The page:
Michael Clarke has delivered a timely reality check for the Australian cricket team, taking aim at selectors for the sensational axing of Alex Carey and “horrible” preparation in the lead-up to the World Cup.
It comes after Australia slumped to a second-straight defeat to open its World Cup campaign, crashing to a 134-run loss to South Africa after a horror collapse of 6-43.
Australia made two changes ahead of Thursday’s game, with Marcus Stoinis returning from injury to replace Cameron Green while Carey was dumped for Josh Inglis.
The decision to recall Inglis, while understandable considering Carey’s batting form in recent ODIs, did not pay off as the 28-year-old managed just five runs while making a few costly mistakes at wicketkeeper.
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Speaking on Sky Sports Radio’s ‘Big Sports Breakfast’, Clarke said the decision to drop Carey made it appear as if he was to blame for Australia’s loss to India in the World Cup opener.
“I don’t know what positives we can take out of that game,” Clarke said.
“I don’t think selections were right? I’m unsure how you can take Alex Carey to India in the World Cup squad, give him one game and then drop him.
“No disrespect [to] Josh Inglis, I don’t know him at all and I’ve heard from a lot of people that he’s very talented and there’s something about him, but unfortunately last night he didn’t have a great night with the gloves.
“He dropped some balls early… he didn’t look… I’ve got to be careful how I say this because I don’t know him and it’s not just about him. I just think Alex Carey is a better keeper. And I think we saw that in the first 10 overs of the game.
“I don’t know how they drop Alex Carey after one game, like what’s the point of taking him? And now what do you do? You reinstate him? You bring him back?
“… You can’t look at the first game against India and go. ‘OK, Alex Carey is the problem. Drop him’. That’s the other thing I think that frustrated me when I saw that line-up. I thought, hang on, you’re pretty much blaming Alex Carey for our performance against India.”
Of course, that is not to say that Inglis should be singled out after Thursday’s loss because that would just be making the same mistake.
Rather, Clarke also pointed towards the “terrible” fielding as an issue across the board for Australia, while also questioning captain Pat Cummins’ tactics.
“I fought harder than anyone for Pat Cummins to be Australian captain and I still stand here and say I think he’s the right man for the job but tactically last night I think he got it wrong again,” Clarke said.
“He won the toss and bowled, I think he ball-chased and I don’t think he was aggressive enough. I don’t think he looked to take wickets. I feel like I’m wasting my breath. The easiest way to slow scoring is to take wickets yet we continue in Twenty20 cricket and one-day cricket, try to prevent runs.
“How is Pat Cummins not bowling in the first 10 overs? Or even if you’re going Glenn Maxwell, like we did, you’ve got to have a slip to the left hander? You’ve probably got to have a bat-pad to the right hander, like you’ve got to look to take wickets early.
“I love him and I’m more than happy for him to be captain but he’s got to do some work on that.”
It is consistent with commentary from Mark Taylor on Nine’s coverage of Thursday’s game, with the former Australian captain also criticising the team’s fielding approach.
“It becomes a plague because Australia aren’t thinking aggressively enough, they’re waiting for the game to come to them rather than grabbing the game,” Taylor said of the missed opportunities.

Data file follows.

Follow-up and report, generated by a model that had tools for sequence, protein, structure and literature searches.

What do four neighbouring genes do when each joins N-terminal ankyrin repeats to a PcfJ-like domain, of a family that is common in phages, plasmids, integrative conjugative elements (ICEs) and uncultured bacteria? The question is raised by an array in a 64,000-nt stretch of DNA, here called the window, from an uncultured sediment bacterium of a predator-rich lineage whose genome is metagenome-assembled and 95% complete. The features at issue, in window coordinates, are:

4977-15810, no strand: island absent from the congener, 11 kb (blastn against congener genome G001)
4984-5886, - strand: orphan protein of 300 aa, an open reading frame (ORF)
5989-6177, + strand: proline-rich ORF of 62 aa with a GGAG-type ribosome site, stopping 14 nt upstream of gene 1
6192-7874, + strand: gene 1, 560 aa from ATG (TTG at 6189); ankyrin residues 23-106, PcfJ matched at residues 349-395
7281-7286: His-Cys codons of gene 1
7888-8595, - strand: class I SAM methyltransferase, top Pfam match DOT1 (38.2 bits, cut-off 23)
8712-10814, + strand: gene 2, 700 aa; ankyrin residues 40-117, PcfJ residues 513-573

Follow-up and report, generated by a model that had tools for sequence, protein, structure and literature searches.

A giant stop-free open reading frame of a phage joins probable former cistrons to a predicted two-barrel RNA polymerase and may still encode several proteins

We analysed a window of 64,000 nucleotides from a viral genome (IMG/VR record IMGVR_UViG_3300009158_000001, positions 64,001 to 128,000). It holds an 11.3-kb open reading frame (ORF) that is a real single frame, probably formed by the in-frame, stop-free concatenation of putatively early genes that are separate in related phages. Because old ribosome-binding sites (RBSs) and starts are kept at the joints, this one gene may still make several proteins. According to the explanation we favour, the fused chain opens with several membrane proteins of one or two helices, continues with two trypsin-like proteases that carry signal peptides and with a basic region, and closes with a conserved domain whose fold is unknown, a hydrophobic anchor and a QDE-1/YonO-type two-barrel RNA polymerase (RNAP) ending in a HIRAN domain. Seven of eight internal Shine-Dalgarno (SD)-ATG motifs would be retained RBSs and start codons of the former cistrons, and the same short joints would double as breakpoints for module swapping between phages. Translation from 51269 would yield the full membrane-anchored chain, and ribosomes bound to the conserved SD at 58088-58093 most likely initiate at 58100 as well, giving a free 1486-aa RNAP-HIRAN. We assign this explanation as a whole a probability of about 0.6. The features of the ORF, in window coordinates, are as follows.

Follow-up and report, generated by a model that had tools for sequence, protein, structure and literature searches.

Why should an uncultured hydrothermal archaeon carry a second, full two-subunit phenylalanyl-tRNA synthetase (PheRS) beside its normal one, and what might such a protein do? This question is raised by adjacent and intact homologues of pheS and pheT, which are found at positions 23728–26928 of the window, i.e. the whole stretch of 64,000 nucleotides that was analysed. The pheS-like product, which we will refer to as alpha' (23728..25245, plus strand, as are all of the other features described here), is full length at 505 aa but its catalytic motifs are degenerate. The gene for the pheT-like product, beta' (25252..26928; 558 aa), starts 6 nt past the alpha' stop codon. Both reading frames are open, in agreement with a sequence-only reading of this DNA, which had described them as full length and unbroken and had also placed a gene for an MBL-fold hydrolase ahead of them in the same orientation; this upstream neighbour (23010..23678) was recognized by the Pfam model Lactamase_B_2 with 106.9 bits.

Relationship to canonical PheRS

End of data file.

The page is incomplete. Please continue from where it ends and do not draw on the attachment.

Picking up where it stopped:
“I always think in one-day cricket in particular, but particularly in the sub-continent, you’ve got to think about getting batsmen out. It’s the best way to keep the runs down. The more you think about being defensive [and] saving boundaries, boundaries come.
“And also your fielders aren’t looking to take those great catches that change the game. At the moment I think the Australians are waiting for the game to come to them rather than grabbing the game.”
The preparation for the World Cup was another topic that Clarke kept coming back to, describing it as “horrible” and accusing Australia of repeating past mistakes in that regard.
“We are not there at the moment and honestly, no disrespect, but we haven’t been for a while,” he said.
“The Twenty20 World Cup, that’s not OK. We’re better than that. It’s not OK. Leaving England, leveleld series, is not OK. That series was ours for the taking.
“The way we lost to India in India… our preparation for that tournament [was] not OK. Then winning the Test Championship — amazing. So that swept all this other stuff under the carpet. That’s not right.
“Now here, our preparation for this World Cup, we won two games out of seven. We had a brilliant lead-in for this World Cup, an awesome amount of cricket, good competitive cricket. “We should have turned up to India in our prime.”
But Australia didn’t and the decision to drop Carey as a result was just one example of a broader issue for the team according to Clarke.
“I think we’ve got selections wrong for a long time. I really do,” he said.
“And again, George Bailey, great mate — love George. But it’s not about the person. I’m not having a crack at the person.
“But what we have done for the last, I’m going to say six months [or even] longer than that. We have got so many things wrong in regards to giving ourselves the best chance.
“And I’ll go back to the Test series in India, our preparation for that tour was disgraceful.”
For all the doom and gloom surrounding the Australian cricket team, Clarke was also quick to point out this World Cup campaign is far from over for Cummins’ side.
Originally published as Michael Clarke’s Wallabies warning for Australian cricket team as Pat Cummins’ tactics questioned